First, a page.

WASHINGTON, D.C., U.S. — The U.S. Department of Agriculture (USDA) announced at the end of May that it will accept 3.9 million acres into the Conservation Reserve Program (CRP) in 2012. Currently in the program are 29.6 million acres, with contracts for 6.5 million acres set to expire in 2012.
Legislation now caps the CRP at 32 million acres. President Obama has said the cap should be reduced to 30 million acres, and the U.S. Senate Agriculture Committee passed its version of the Farm Bill with a 25 million acre cap.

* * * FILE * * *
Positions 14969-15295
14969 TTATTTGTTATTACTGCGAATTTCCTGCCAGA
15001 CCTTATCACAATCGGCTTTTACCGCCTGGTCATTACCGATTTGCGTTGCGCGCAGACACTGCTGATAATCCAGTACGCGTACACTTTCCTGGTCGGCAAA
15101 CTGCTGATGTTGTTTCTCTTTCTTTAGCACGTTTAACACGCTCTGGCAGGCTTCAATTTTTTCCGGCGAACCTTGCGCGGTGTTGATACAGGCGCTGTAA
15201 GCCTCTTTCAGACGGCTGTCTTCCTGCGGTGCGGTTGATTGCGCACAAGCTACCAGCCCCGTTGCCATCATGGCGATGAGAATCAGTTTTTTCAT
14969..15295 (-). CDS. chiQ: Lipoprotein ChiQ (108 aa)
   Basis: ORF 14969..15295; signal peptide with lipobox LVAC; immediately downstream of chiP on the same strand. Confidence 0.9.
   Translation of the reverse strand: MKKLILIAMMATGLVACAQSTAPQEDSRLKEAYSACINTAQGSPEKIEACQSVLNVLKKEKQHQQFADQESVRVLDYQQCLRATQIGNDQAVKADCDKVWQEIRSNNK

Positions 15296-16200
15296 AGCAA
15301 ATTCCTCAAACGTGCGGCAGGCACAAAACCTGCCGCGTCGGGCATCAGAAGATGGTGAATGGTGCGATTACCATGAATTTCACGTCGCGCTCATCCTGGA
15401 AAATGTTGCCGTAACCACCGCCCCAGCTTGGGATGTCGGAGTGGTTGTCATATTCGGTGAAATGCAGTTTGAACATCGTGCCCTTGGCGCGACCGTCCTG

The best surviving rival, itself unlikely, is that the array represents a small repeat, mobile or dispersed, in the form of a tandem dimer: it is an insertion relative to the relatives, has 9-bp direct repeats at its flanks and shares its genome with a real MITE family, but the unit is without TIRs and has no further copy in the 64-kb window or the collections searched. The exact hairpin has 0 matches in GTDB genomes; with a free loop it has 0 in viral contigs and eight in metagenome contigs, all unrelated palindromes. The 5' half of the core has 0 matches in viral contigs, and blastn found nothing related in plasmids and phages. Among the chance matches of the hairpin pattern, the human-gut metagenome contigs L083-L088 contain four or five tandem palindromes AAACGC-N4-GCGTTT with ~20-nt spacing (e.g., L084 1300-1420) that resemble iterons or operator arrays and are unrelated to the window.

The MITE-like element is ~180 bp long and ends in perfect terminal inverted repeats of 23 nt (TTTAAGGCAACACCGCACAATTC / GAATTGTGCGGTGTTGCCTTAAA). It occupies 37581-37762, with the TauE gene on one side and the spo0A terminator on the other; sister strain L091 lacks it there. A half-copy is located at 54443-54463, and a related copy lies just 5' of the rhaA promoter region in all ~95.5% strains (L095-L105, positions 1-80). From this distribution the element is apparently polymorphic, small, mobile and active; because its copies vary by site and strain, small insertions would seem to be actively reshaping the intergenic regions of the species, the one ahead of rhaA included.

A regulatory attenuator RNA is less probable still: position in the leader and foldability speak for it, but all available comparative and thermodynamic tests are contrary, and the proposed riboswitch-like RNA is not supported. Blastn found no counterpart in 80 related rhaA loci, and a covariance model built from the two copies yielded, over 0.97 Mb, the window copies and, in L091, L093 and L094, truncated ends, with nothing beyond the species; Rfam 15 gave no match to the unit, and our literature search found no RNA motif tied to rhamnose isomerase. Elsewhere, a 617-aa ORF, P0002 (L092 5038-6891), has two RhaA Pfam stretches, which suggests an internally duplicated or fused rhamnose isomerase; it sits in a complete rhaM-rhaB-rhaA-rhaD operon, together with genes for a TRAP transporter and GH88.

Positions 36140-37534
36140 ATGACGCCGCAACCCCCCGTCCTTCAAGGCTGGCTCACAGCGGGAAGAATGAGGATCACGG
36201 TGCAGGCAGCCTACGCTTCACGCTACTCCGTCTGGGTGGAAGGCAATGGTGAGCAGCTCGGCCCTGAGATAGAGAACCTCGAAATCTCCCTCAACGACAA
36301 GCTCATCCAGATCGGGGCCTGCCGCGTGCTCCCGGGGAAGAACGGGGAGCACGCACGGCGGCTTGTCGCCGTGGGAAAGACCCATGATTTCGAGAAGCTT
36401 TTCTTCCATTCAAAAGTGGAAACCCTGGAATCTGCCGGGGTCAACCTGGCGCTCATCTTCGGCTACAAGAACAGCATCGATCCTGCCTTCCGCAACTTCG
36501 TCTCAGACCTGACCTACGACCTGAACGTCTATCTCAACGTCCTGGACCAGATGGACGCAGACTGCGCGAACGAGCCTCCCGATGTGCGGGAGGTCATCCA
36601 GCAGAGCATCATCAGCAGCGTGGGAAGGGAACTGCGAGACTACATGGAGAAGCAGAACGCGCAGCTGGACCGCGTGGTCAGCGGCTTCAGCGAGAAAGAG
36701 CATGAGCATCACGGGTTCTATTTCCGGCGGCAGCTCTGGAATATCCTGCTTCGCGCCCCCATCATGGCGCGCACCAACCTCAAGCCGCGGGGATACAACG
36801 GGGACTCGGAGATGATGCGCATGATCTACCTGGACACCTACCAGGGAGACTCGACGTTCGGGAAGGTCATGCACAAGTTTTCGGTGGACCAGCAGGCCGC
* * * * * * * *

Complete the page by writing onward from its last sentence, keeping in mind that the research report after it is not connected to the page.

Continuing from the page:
The North American Millers Association (NAMA) said it has been working in coalition with the National Grain and Feed Association and the National Oilseed Processors Association to brief congressional staff on the need to bring nonsensitive lands back into production to respond to market demands. The coalition estimates that more than 8 million acres of land identified as Class 1 and 2 could be brought back into production without sacrificing environmental goals, as the acres are so sustainable that USDA does not require a soil management plan for them. The coalition will seek to make additional progress during Farm Bill deliberations.